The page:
Thursday, 6 August 2015

More Purple Hairstreaks and Sea-Watching.... at Wembury!

August 2nd and I headed off for a walk at Wembury. It was sunny, and warm when sheltered from the strong breeze, and I had a pleasant walk along the coast path.

2 whimbrel, 3 curlew and 4 little egrets were roosting on the rocks at The Point with oystercatchers at high tide and for a change there wasn't too much disturbance from walkers and dogs along the beach.

Scanning offshore and there were lots of gannets swirling around, mostly adults with a few dark juveniles. I managed to pick out a distant feeding flock of around 50 Manx shearwaters beneath a group of gannets, they were resting on the sea before flying up in a group and then splashing down on the water.

On land and blackcap and whitethroat were seen with 2 cirl buntings flying over. A sparrowhawk was mobbed by some swallows, a juvenile kestrel was presumably practising hunting by swooping down and grabbing horse turds in the horse field before dropping them and a peregrine flew over with a small bird in its talons.

Plenty of butterflies on the wing - meadow brown, gatekeeper, large white, red admiral, holly blue, common blue, comma, green veined white, small skipper and wall. A few faded six-spot burnet were feeding on the thistle flowers and a small and dark common lizard was basking in the sun on the wooden fencing.

Holly Blue, Wembury

Heading home after a pasty and coffee for lunch and I decided to have a walk around Efford Marsh again to have a look for purple hairstreaks. I checked out the oak trees around the pond and quickly found 1 flitting around the canopy (or fidgeting as it is described in my field guide). Scanning around and I found at least another 5 individuals but they were all brief and obscured views up amongst the leaves - I didn't bother with trying to get any photos although I did get a good but brief view of 1 individual.

A visit to the Garden House near Yelverton on August 3rd and I found 2 speckled bush crickets amongst the flower heads along with a red admiral and a few meadow brown in the cool, cloudy and breezey conditions. The gardens looked stunning though and are really developing well, it has been quite a few years now since we last visited here.

 Speckled Bush Cricket, The Garden House - female with ovipositor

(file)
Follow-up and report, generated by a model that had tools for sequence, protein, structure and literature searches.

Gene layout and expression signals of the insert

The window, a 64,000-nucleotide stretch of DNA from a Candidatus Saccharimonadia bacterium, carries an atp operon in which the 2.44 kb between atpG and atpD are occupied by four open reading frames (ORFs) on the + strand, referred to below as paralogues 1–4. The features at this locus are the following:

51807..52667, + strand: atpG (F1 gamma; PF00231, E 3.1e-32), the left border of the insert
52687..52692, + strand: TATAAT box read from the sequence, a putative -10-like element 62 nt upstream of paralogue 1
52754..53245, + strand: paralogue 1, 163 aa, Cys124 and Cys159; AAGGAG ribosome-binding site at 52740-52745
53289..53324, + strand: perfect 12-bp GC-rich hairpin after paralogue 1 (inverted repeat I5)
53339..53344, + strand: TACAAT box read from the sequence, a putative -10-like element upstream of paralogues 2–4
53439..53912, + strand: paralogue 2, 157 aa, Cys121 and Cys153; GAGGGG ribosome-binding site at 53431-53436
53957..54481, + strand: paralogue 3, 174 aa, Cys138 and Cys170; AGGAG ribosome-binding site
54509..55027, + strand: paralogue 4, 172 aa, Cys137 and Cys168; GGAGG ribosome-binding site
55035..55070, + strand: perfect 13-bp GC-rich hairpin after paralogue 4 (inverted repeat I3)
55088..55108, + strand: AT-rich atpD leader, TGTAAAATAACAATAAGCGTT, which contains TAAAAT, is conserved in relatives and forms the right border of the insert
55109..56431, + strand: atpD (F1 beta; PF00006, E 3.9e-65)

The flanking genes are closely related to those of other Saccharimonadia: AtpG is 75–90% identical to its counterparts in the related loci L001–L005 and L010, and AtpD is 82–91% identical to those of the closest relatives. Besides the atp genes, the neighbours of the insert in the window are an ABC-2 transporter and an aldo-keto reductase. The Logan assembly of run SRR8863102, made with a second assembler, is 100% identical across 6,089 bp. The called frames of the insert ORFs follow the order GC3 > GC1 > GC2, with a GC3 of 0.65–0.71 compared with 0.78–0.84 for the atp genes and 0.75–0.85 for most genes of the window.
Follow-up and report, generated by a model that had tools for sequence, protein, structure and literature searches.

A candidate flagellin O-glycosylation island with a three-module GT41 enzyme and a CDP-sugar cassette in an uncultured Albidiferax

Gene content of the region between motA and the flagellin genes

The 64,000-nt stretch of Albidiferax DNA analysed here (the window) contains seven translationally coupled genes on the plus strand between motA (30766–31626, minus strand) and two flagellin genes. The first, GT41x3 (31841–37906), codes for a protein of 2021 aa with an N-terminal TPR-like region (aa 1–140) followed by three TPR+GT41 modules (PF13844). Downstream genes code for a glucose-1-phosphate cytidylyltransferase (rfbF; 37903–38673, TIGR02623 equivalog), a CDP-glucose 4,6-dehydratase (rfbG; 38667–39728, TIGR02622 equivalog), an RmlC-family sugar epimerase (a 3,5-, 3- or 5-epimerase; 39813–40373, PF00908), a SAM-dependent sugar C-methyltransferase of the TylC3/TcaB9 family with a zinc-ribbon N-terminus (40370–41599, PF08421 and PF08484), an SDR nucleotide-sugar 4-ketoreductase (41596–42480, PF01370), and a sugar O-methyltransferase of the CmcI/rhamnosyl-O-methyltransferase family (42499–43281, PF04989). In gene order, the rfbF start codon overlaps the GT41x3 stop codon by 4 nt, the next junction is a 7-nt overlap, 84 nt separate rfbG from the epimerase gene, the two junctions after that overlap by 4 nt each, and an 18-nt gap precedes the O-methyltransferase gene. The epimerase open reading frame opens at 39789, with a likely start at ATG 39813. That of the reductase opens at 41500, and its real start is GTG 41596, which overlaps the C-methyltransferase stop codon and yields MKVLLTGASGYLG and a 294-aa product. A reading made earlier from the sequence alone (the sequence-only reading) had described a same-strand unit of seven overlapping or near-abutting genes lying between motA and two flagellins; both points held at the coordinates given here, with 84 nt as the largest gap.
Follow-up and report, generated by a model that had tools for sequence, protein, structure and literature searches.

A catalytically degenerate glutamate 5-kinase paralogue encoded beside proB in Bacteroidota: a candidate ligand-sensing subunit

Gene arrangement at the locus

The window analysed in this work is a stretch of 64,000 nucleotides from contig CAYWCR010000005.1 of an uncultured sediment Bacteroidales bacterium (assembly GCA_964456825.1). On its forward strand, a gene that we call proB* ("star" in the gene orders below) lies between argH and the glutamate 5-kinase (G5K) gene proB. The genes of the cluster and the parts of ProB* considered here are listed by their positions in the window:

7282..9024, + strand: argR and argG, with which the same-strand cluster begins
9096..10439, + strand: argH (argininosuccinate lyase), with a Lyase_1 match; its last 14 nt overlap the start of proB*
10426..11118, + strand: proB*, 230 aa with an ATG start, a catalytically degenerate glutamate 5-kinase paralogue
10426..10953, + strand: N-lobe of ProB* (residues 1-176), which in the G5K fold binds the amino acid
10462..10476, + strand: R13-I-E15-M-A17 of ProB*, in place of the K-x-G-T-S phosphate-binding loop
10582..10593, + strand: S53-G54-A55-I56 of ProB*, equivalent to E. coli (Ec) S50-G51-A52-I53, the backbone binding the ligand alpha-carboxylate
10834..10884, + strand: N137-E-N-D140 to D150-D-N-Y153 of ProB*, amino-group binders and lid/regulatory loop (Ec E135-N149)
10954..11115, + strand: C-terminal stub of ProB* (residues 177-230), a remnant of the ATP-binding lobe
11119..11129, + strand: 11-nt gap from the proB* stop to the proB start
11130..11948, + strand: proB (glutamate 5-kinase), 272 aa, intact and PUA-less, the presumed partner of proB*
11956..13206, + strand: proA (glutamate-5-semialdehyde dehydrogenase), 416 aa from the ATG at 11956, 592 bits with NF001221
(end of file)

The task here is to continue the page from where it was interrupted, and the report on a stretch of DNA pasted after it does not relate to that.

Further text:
Speckled Bush Cricket, The Garden House - male

August 4th and I headed off to Wembury again. It was cloudy and very windy with a strong south westerly breeze and the waves were crashing up the main beach at the high tide where a flock of black headed gulls and a few herring gulls were feeding in the churned up surf. Scanning through and I found an adult and 4 juvenile Mediterranean gulls amongst the flock, 1 juvenile had a green plastic leg ring but I couldn't get any details on it as it flew amongst the waves or rested on the sea. It was interesting to see the size differences of the juvenile Meds when 3 of them rested on the sea together - presumably the smallest bird was a female.  A leucistic black headed gull amongst the flock was most unusual looking.

 Juvenile Mediterranean Gulls, Wembury
Juvenile Mediterranean Gulls - smaller individual on the left

Heading off towards the sewage pipe and hoping that there hadn't been any disturbance from walkers along the beach and I was pleased to see a flock of gulls roosting on the tideline. I found another adult Mediterranean gull amongst the black headed gulls and what I thought was a juvenile yellow legged gull before it flew off towards Plymouth and out of sight (yes, it's that time of year when I frustrate the hell out of myself trying to ID large juvenile gulls) - however it appears to have been a juvenile herring gull after all.

Adult Mediterranean Gull

Juvenile Herring Gull

Offshore and again there were lots of gannets swirling around and so I decided to set up my telescope for a proper sea watch, hunkering down out of the wind on the beach near the old swimming pool. I scanned from The Mewstone towards Plymouth and being low down and almost at sea level I had some lovely views of Manx shearwaters as they banked up out of the wave troughs and showed well against the sky line. I counted 20-30 per minute heading west although a few were also seen heading east, and they tended to appear in pulses with the odd single bird flying past and then a little group of up to 20 birds. There must have been higher numbers passing by than I counted as my position low down to the water meant restricted viewing, and after an hours watching the sun appeared, the wind dropped slightly and the Manxies dried up entirely.

The highlight though were at least 2 great skua - single birds were briefly seen but 2 birds together showed very well if a little distantly above the waves. They were chasing each other with 1 bird having larger and brighter white wing flashes, presumably an older bird, and their short tails and bulky build were also noticeable.

A singing cirl bunting showed well and 4 juvenile whitethroats were skulking together in a sloe bush, presumably a recently fledged family. The juvenile kestrel was still around but wasn't interested in horse turds this time and on the rocks with the oystercatchers were 2 whimbrels again along with 2 little egrets and 1 curlew. 

I did a 15 minute Big Butterfly Count as well, seeing a male common blue, 10 gatekeeper, 1 red admiral, 1 peacock, 1 painted lady, 8 meadow brown and 2 large white on my 15 minute wander around Wembury Point.

And so a bit of sea watching at Wembury of all places, a quite enjoyable hours watching although tiring on the eyes scanning through a telescope. And great skua takes my year list to 171.

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